State forecasters assumed that those filers would simply wait an extra three months to pay the remaining taxes, since most people procrastinate or prefer to earn monthly interest as long as they can. But Sisney and Finance officials say it's also possible those taxpayers just wrote a big check in January instead.

If that is the case, the state would see less money than expected in April.

"We're not going to have a precise answer for a year or more, but by May we can begin to form better judgments," Sisney said. "This is just one data point in a complex series. It might be the harbinger of very good news or it might be a periodic blip that disappears later."

A final possibility is that the economy and financial markets performed better than experts realized at the end of 2012. That factor was considered the least likely by experts, however.

The Senate budget committee is scheduled to begin reviewing Brown's spending plan this week, while the Assembly has a hearing slated next week. But given that $4 billion is no rounding error -- equal to about 80 percent of what the state spends annually on the California State University system -- it is hard to make decisions on spending or cuts.

Brown and Democratic lawmakers burned themselves before after momentary blips in revenues. Desperate for a compromise after a Brown budget veto, they projected that California would receive $4 billion extra in 2011-12. They felt comfortable with that estimate based on $1.2 billion in excess cash in May and June 2011.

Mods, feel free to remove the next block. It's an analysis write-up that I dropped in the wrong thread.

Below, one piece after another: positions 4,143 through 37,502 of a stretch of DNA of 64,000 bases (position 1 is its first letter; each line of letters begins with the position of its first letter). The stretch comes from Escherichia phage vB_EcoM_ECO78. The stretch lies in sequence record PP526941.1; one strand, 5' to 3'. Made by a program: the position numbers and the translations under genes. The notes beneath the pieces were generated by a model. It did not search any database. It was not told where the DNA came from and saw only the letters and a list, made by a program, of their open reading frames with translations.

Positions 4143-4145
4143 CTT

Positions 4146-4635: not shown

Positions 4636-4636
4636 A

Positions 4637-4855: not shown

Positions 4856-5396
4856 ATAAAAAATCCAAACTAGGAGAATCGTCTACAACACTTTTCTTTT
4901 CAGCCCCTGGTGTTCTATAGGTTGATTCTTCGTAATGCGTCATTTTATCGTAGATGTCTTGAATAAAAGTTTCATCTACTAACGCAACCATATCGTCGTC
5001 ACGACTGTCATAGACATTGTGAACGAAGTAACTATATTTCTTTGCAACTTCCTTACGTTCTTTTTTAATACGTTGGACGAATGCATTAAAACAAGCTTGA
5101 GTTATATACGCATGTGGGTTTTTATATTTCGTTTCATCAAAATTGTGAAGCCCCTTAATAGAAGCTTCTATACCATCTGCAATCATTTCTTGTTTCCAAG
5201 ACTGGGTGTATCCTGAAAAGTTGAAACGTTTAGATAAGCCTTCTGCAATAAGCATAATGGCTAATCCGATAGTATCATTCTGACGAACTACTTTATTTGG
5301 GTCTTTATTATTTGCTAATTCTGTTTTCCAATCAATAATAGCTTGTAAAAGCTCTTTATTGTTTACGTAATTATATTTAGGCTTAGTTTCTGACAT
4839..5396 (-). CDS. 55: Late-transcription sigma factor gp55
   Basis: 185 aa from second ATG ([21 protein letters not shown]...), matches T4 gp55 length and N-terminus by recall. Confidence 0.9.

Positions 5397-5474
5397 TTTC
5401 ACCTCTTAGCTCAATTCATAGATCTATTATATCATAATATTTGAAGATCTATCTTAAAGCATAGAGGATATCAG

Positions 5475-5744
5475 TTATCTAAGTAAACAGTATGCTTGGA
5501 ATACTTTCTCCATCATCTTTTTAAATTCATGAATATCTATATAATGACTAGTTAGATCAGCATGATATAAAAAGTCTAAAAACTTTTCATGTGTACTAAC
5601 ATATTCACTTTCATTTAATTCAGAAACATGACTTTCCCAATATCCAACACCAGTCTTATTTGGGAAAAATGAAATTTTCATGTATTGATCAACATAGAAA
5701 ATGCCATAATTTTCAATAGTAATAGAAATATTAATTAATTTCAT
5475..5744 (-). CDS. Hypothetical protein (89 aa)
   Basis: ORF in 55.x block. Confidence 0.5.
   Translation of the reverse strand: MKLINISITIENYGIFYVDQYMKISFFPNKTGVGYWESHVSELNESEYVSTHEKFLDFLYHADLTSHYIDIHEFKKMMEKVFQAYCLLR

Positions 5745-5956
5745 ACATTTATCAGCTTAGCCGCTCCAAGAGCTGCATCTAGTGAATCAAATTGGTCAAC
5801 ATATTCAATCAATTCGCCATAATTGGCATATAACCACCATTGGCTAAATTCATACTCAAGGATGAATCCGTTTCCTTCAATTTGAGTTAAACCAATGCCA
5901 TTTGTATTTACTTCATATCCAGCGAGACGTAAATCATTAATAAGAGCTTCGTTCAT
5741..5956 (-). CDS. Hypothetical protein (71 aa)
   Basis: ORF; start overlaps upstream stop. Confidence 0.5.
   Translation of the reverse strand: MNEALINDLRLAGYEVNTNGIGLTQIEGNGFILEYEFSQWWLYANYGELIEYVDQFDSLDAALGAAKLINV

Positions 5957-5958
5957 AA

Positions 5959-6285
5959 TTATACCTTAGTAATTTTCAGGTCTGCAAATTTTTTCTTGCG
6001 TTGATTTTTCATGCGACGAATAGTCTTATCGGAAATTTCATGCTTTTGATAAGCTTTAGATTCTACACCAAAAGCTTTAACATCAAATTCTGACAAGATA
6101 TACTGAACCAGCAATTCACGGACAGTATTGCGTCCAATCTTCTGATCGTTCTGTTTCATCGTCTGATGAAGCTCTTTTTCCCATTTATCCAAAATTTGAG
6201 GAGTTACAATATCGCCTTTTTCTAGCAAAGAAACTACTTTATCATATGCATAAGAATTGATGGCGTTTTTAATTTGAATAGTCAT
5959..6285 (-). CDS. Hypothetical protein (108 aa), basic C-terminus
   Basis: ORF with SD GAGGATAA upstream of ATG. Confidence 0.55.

But that money never came, forcing some midyear trigger cuts and additional reductions in the next budget.

Brown this month proposed a budget that increases spending for education while mostly holding the line for other state programs.

"As we always caution, you can't drive a long-term trend off of one month of data, good or bad," said Department of Finance spokesman H.D. Palmer.

Senate President Pro Tem Darrell Steinberg has said earlier that any extra money the state receives should be split between a rainy-day reserve, paying off debt and expanding state programs. The Senate leader has talked specifically about restoring dental benefits for low-income adults, which were cut during the recession.

"There's no question that California is back in the black, and this is all good news," Steinberg, D-Sacramento, said. "I think the question is how good is this news? My reaction, on behalf of my caucus, is to still be relatively cautious until we get more information."

Los Altos-based California Common Sense issued a report Monday that showed annual revenue projections made by governors in January were inaccurate by a median error of 4.7 percent.

If the state continues to see excess revenues, Williams said lawmakers should consider creating a large reserve as a buffer in case today's big payments result in shortfalls later. Like others, Williams has warned for years about the dangers of tax volatility.

But he said state leaders often can't resist temptation.

"Once the money goes in the bank," Williams said, "it has been very difficult historically for California not to commit it."


Copyright 2013 - The Sacramento Bee